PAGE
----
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I'm a bit confused about HTML5 Websockets. I've looked at numerous tutorials out there and a lot of them have different variations of connecting using different ports. What do these ports mean?

Adobe for instance, uses this:

new WebSocket('ws://localhost:1740');

Then another tutorial has this where no ports are required:

new WebSocket("ws://www.websockets.org");

And finally a third tutorial has a port, but it's completely different:

new WebSocket("ws://localhost:8080/echo");

My question would be, why do these vary? How do I know which ports to connect to? Also, I've attempted to do my own connection:

var ws = new WebSocket("ws://test.ontarget-network.com/");

But I get the following error: Unexpected response code: 200

I've tested around and tried connecting to various other "ports" (not knowing what I'm doing obviously, typing in random numbers) and this error would disappear, however, my code

ws.onopen = function(){
   alert("Connection Established");
};

would not execute.

I'm trying to fully understand HTML5's Websockets API so I can experiment and create more dynamic applications. Thanks for the help.

share|improve this question
    
A successful WebSocket connection relies on an initial response with HTTP status code 101 from the server. Anything else should result in an error on the client. – countfloortiles May 2 '14 at 22:21
up vote 11 down vote accepted

The following comes from the latest WebSocket draft:

By default the WebSocket protocol uses port 80 for regular WebSocket connections and port 443 for WebSocket connections tunneled over TLS [RFC2818].

Really though, you should be able to use any valid port not in use. As long as clients are trying to connect to the same port that the server-side script opens for the socket connection, you should be fine.

A quick note on ports:
- Port 80 is the HTTP port.
- Port 8080 is the alternate HTTP port.
- Port 443 is the HTTPS (i.e., HTTP with TLS) port.
- Port 1740 in the Adobe code seems like some random port not already in use by other services.

For a full list of preset ports, please see the following:
http://en.wikipedia.org/wiki/List_of_TCP_and_UDP_port_numbers

As for your "Unexpected response code: 200" error, I'm guessing that the WebSocket URL you're using on the client side is not pointing to a valid server-side script, but that's hard to comment on without more info.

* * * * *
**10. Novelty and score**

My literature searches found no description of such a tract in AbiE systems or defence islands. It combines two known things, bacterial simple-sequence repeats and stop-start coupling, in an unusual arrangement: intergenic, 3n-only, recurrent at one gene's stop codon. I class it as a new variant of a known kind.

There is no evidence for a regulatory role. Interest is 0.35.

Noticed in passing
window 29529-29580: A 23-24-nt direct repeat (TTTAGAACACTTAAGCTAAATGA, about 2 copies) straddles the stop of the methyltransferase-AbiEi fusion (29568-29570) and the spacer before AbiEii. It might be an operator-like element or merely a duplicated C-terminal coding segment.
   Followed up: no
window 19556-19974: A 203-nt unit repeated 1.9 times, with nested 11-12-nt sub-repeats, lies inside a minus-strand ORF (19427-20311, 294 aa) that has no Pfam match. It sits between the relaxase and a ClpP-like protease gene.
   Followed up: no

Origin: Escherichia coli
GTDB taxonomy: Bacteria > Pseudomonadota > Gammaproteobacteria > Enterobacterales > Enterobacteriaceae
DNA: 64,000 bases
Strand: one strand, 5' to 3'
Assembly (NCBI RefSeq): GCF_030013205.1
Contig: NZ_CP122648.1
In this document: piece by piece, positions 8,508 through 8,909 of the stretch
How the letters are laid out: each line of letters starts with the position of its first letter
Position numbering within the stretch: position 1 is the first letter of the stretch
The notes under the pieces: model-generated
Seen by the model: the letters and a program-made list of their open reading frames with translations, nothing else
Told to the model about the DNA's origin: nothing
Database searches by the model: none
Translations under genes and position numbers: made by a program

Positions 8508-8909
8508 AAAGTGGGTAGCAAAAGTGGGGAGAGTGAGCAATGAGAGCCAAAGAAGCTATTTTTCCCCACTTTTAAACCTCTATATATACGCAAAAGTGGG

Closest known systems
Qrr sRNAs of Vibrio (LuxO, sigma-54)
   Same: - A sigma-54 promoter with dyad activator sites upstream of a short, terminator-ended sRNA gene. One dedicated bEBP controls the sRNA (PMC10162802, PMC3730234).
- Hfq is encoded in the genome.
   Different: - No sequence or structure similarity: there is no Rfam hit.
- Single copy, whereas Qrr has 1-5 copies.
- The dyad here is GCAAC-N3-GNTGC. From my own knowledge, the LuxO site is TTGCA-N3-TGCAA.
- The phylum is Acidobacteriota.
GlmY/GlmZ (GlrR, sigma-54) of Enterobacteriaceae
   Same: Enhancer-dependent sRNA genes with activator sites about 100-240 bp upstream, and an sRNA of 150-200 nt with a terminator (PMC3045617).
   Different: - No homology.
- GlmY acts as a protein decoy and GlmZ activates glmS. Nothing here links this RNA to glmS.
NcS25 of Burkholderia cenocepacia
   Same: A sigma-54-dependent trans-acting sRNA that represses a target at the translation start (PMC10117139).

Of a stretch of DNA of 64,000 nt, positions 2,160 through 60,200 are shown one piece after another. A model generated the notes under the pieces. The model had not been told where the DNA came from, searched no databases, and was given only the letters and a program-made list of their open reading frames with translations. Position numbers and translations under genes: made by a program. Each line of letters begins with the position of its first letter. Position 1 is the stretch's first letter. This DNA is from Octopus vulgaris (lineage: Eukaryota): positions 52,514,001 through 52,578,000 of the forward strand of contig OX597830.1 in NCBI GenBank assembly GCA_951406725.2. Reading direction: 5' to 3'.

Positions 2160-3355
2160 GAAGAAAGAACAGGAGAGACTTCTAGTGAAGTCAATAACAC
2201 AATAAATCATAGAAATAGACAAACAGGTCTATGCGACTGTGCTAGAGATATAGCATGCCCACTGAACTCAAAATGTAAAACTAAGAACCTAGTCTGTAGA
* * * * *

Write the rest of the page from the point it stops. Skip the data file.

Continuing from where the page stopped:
share|improve this answer

The server should have an endpoint that accepts WebSocket connections. So, if that endpoint is /echo you would want to connect to:

ws://localhost:8080/echo/websocket

You will get the Unexpected response code: 200 error if you exclude the /websocket suffix after the endpoint. I was having the same confusion and this link cleared things up a bit for me.

share|improve this answer
    
Yep, same thing happened for me. +1 – Daniel Jan 18 at 0:17

I had the same issue, But to survive with

Unexpected response code: 200

You need to have either server-side script to handle the web socket, or you can use Node.js to build a you server script. for the sake of education you can try to biuld your own websocket sever script.

share|improve this answer

Actually there is something else... You can not open a connection to every port since there is a list of blocked ports in every browser. I remember seeing the full list of ports in 'The tangled Web' from Michal Zalewski; however, I think a quick google will show this also.

share|improve this answer
    
This is just wrong! You can have blocked ports however if you are behind a corporate firewall. That is usually assumed not to be the case. If you can access any web page, websockets should just work! – Ich Jun 5 '15 at 10:24
    
Actually, he's right (although also irrelevant). Please see www-archive.mozilla.org/projects/netlib/… – i80and Jul 21 '15 at 18:53

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